Tuesday, 01 September 2015

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Millers gave name to village

THE village of Riding Mill would have been simply called Riding or Ryddyng – a clearing “ridded” of trees – if it was not for the big water mill at its heart.

Daily grind: Mill Cottage, Riding Mill, where generations of millers lived and worked.

The Rising Water Corn Mill was where ye olde villagers of Riding Mill took their grain to be made into flour from time immemorial. The mill we see today mostly dates from the days of Elizabeth I, though there were mills on the same site going back another half millennium.

Not long after Charles II was crowned, the millers of Riding Mill decided they hadn’t got room to swing the wife and kids so they added Mill Cottage next door, which is at present for sale.

For most of their history, Mill Cottage and the Mill have shared a landlord.

From about 1660, Thomas Errington was master of the estate which included Riding Mill. So Errington would have been the earliest owner of the Mill Cottage, and may indeed have been its builder as it dates from about 1663.

Errington seems to have used Riding Mill as his bolt hole when the political climate of Newcastle, where he was Postmaster General, became too hot for him. As a renowned local Parliamentarian, he must have kept his head down when Charles II, son of the Royal Martyr Charles I, came to the throne.

Errington also built Riding House opposite Mill Cottage, which later became the Wellington Inn. But long before the venue became famed for fine dining, it had a reputation of a less enviable kind.

Riding House was notorious for its coven of witches, and the miller Robert Johnson – who most likely lived in Mill Cottage – was right at the heart of the pagan infestation.

Johnson apparently belonged to one of five Riding Mill covens – he probably supported the handy Riding House branch, where they danced with the devil, saddled up and rode their neighbours, turned into cats, hares, greyhounds and bees, rode on wooden dishes and spoons, and danced with a man they called “god” while swinging on a rope from the ceiling.

To keep up the energy for all this enchantment, the coven feasted on boiled capon, cheeses, butter, beef, plum broth, bottles of wine and “humming ale”.

These intimate details of witchy life emerged when one of the coven turned her coat and shopped the rest at the Morpeth Assizes of 1673.

Anne Armstrong from Stocksfield was the reformed witch, who had a day job as a Riding House maid. And, soon after Anne’s sisters-and-brothers-in-magic were found not guilty by a cynical Morpeth magistrate, poor Anne went swinging again on a rope from the ceiling at Riding House, but this time the rope was round her neck.

Anne’s cringing little ghost was said for many years to haunt the scullery where her body was found.

A family of inventors were next into The Mill from about 1722, and presumably they lived in Mill Cottage. These creative millers were the Boltflour/Boultflower/Beauflower family, who got their name from their invention to improve sieving or “bolting” flour to make finer bread.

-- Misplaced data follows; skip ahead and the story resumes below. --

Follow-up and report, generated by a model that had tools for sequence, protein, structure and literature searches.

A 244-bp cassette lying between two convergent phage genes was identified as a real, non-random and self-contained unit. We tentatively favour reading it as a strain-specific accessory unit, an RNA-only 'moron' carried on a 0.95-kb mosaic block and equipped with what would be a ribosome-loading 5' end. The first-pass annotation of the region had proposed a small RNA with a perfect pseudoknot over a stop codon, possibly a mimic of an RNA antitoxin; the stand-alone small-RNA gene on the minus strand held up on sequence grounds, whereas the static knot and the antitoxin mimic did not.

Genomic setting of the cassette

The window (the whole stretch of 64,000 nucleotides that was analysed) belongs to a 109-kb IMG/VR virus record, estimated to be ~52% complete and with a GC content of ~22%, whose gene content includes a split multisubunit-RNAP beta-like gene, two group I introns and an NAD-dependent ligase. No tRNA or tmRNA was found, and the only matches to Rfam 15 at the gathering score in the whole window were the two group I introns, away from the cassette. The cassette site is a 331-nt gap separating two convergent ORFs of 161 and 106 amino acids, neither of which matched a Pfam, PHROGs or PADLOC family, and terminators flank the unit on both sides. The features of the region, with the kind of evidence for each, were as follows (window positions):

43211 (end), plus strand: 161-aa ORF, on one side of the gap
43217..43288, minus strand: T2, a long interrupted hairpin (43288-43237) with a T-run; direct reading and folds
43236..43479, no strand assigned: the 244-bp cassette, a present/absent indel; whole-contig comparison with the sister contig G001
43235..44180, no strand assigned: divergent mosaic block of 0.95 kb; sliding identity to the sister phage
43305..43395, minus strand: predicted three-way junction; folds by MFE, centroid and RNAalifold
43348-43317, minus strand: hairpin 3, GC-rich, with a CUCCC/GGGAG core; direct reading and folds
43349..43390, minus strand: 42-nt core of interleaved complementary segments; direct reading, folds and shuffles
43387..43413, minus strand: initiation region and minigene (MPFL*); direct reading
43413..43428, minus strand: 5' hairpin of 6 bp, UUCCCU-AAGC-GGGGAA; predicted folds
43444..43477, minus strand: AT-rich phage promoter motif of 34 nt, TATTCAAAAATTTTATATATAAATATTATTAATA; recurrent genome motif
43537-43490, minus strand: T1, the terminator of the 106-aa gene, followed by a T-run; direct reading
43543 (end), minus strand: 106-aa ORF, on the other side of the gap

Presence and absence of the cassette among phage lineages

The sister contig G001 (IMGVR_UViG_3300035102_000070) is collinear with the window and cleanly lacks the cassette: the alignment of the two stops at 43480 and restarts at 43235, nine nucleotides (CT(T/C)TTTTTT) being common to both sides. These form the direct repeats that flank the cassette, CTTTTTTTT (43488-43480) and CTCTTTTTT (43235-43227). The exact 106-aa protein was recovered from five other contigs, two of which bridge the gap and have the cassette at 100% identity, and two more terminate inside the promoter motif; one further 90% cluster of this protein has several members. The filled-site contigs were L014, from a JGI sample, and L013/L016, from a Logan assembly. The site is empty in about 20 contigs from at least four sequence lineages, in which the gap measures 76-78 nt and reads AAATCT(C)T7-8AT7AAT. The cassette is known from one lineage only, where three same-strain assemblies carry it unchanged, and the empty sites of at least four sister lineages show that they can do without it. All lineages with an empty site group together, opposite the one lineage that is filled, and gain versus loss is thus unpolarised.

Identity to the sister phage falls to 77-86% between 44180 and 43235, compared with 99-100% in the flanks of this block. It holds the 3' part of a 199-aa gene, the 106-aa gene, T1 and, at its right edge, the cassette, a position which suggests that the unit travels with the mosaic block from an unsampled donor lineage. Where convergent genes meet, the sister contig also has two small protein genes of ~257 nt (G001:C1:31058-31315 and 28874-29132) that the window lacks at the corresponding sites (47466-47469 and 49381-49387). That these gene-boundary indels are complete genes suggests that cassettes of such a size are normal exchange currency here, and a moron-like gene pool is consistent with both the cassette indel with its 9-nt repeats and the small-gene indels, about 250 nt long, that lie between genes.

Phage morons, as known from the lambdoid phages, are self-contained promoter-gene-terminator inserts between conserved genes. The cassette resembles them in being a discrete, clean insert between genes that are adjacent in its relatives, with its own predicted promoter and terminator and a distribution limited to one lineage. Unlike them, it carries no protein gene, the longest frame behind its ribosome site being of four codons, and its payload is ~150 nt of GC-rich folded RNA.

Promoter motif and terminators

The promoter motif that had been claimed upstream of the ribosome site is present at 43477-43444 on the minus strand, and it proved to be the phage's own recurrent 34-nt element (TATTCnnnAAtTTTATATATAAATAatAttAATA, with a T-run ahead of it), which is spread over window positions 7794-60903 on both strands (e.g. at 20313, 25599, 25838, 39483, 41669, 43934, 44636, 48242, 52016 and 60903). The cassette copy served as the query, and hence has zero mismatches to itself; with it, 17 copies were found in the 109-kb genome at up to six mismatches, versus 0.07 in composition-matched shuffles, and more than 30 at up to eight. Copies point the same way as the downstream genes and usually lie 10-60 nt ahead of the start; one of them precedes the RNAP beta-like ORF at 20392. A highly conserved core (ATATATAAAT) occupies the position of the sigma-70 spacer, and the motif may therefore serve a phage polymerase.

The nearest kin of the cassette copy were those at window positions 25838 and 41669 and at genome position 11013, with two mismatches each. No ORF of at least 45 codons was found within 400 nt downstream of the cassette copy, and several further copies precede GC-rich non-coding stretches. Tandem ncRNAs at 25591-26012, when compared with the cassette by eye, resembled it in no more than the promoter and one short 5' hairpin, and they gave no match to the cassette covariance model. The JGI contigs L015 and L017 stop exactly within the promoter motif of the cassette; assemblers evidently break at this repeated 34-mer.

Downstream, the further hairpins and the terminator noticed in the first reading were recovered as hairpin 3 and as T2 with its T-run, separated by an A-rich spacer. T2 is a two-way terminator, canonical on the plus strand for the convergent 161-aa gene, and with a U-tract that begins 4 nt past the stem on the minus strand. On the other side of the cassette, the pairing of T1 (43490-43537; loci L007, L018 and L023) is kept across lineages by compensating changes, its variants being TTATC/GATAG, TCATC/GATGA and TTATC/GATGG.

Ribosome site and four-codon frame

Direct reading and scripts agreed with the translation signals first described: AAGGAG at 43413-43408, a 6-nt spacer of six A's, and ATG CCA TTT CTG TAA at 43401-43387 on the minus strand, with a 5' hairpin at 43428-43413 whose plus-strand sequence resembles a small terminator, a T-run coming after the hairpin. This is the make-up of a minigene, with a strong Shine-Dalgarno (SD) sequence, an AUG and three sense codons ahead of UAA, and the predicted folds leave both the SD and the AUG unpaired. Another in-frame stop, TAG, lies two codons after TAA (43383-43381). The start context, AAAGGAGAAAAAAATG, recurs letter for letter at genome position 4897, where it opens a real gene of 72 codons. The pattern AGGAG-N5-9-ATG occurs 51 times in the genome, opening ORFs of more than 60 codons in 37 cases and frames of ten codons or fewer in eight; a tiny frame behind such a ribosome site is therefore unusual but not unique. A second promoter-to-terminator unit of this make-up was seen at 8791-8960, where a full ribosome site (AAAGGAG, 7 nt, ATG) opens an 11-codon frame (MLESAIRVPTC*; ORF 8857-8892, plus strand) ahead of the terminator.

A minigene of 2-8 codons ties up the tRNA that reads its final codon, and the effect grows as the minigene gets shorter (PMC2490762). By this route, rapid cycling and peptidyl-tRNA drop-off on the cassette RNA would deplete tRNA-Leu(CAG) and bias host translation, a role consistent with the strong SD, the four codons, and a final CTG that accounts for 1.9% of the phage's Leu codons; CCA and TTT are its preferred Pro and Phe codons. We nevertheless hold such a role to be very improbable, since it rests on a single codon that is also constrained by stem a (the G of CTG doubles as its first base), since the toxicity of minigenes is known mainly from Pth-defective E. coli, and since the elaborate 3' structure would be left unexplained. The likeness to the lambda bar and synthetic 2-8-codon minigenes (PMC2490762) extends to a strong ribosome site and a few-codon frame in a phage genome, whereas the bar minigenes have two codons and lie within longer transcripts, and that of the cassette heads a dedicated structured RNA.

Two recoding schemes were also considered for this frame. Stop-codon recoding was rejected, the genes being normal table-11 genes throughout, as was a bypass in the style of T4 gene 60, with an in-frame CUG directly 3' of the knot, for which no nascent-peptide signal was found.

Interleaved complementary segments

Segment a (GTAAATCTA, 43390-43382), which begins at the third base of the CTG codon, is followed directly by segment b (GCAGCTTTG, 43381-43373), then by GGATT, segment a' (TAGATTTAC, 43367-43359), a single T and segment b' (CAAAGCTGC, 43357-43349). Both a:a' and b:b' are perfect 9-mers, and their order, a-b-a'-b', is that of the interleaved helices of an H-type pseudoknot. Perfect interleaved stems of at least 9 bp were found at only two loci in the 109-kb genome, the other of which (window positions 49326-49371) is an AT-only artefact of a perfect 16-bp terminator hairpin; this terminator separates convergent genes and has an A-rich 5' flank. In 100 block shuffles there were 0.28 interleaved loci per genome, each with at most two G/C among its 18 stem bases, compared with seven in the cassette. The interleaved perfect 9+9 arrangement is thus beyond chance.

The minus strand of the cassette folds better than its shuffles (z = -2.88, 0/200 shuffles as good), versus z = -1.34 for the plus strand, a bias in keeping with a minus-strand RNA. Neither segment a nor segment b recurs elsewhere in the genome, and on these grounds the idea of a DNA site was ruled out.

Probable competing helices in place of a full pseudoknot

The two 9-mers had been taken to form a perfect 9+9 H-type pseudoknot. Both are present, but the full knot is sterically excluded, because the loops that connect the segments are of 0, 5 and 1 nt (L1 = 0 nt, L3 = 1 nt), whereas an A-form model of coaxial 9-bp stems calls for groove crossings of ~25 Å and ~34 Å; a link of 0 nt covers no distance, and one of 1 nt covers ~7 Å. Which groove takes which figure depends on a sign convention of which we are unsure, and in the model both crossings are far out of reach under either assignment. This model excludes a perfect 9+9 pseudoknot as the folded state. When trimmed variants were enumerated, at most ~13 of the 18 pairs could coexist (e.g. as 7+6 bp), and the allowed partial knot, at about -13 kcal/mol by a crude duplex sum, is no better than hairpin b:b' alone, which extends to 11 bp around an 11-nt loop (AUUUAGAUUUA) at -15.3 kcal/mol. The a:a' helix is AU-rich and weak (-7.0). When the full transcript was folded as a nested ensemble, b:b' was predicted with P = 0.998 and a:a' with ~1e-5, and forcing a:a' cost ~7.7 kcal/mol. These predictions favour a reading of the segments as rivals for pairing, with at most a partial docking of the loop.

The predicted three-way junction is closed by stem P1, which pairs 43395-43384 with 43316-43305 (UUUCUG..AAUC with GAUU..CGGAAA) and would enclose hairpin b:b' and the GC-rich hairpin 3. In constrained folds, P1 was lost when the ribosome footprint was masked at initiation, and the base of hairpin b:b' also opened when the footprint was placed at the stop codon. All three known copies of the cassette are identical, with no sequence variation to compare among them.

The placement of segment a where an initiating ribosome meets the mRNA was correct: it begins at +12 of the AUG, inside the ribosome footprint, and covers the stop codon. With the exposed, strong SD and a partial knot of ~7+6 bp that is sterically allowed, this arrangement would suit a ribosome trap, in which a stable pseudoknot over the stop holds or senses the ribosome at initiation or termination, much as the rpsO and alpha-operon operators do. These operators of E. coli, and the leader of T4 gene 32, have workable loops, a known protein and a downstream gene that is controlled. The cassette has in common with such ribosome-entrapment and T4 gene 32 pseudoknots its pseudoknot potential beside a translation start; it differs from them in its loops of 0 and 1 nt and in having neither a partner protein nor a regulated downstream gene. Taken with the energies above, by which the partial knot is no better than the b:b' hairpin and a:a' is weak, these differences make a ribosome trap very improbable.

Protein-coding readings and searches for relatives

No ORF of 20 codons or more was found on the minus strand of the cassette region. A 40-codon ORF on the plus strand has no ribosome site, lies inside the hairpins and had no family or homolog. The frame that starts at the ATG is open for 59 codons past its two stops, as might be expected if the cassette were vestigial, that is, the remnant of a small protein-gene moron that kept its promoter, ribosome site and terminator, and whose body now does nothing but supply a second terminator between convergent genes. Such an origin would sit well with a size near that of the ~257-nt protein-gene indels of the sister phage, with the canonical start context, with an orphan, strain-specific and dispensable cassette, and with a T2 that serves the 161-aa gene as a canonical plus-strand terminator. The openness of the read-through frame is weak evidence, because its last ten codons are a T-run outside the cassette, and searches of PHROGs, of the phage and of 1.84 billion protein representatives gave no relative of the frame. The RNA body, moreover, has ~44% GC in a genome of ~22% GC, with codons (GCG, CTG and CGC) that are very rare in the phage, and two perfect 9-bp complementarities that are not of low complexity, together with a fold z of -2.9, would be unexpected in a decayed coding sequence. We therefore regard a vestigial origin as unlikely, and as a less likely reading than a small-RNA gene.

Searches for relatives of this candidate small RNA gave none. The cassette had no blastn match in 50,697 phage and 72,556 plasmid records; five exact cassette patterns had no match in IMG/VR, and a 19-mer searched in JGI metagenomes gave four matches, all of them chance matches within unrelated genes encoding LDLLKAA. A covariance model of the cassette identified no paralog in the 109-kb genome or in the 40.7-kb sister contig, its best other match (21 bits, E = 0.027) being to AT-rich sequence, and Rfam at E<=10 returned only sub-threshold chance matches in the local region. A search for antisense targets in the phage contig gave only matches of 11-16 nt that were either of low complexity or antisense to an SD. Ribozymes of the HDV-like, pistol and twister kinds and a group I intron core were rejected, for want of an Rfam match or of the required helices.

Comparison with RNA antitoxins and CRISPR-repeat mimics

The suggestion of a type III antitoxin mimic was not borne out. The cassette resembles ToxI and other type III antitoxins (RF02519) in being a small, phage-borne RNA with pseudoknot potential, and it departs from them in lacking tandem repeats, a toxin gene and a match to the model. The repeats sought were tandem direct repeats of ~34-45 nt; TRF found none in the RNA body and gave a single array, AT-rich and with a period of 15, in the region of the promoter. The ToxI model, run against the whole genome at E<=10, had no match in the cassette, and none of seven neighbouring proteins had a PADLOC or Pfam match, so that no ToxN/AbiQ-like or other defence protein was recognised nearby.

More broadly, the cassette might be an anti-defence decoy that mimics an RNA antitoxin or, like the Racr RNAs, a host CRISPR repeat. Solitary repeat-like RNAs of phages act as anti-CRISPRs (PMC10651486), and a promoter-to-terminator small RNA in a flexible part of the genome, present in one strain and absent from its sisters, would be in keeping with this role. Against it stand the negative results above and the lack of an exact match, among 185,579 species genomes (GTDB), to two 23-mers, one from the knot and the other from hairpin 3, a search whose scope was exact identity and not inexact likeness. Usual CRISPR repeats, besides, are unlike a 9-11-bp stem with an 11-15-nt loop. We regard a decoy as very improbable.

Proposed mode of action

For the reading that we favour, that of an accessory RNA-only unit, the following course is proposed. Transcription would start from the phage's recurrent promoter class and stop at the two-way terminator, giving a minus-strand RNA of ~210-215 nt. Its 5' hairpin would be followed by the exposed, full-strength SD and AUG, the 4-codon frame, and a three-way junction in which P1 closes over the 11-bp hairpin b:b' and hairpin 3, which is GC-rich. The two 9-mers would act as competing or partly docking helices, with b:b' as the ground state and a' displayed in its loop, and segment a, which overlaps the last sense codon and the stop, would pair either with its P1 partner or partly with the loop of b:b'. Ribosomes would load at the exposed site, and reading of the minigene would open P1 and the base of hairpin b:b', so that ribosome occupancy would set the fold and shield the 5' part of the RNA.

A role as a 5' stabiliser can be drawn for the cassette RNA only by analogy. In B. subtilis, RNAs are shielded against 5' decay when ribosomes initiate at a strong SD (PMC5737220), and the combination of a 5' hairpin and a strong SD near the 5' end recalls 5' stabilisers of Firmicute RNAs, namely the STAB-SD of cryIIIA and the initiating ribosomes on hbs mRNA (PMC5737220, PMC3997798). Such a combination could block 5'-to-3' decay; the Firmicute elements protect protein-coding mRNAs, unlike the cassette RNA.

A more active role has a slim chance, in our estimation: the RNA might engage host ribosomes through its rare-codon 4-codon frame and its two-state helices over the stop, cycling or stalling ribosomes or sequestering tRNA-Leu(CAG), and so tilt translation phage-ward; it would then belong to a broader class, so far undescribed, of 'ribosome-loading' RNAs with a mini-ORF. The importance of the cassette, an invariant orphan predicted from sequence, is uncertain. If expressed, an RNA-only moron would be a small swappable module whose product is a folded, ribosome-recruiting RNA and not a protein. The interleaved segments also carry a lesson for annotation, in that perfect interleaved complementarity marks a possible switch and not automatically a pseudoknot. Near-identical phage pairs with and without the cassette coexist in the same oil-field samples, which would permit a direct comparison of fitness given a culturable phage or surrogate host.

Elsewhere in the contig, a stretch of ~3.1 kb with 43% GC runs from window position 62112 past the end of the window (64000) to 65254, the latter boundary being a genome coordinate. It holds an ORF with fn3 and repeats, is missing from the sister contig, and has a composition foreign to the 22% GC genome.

At the Wellington Inn you can still see the initials “T B” carved above the door. They used to read “T E” for Thomas Errington, but when the Boltflours moved in they felt entitled – as famous inventors – to leave their own mark.

They were an up and coming family – William “Boultflower” was sheriff of Newcastle in 1701. In 1775 Dorothy “Beauflower”, the noted heiress and beauty, inherited The Mill. Sadly, sweet Dorothy Beauflower was cut down in her prime, just two weeks after turning 21.

In 1806, we were still mourning Lord Nelson when Mr Bemiett took over ownership of the Mill and made William Richardson its miller.

The Richardsons all proved to have safe pairs of hands, and they ground the wheat of Riding Mill for almost 100 years and through several ownerships, until 1902.

By 1910 there was no more grist for The Mill – local people could get their flour from corner shops by then – but the technology of the building didn’t go to waste.

The Mill was re-invented in 1910, first as a water-powered sawmill, and later as a dynamo to supply electricity to surrounding houses.

Coincidentally this clean, green energy option, in action in Riding Mill during the first half of the 20th century, has been hailed as a possible energy saviour in the 21st century.

An Environment Agency study announced this month that the nation’s waterways are a vast untapped resource which could generate enough power for hundreds of thousands of homes, via up to 26,000 turbines – aka watermills.

Sites along the Tyne and its tributaries – at Hexham, Prudhoe, Haydon Bridge and Bellingham – have been earmarked for this revolution in sustainable energy production. But it’s old news indeed to residents of Mill Cottage at Riding Mill.

l The Mill Cottage at Riding Mill is for sale via Northumbria and Cumbria Estates of Fore Street, Hexham.



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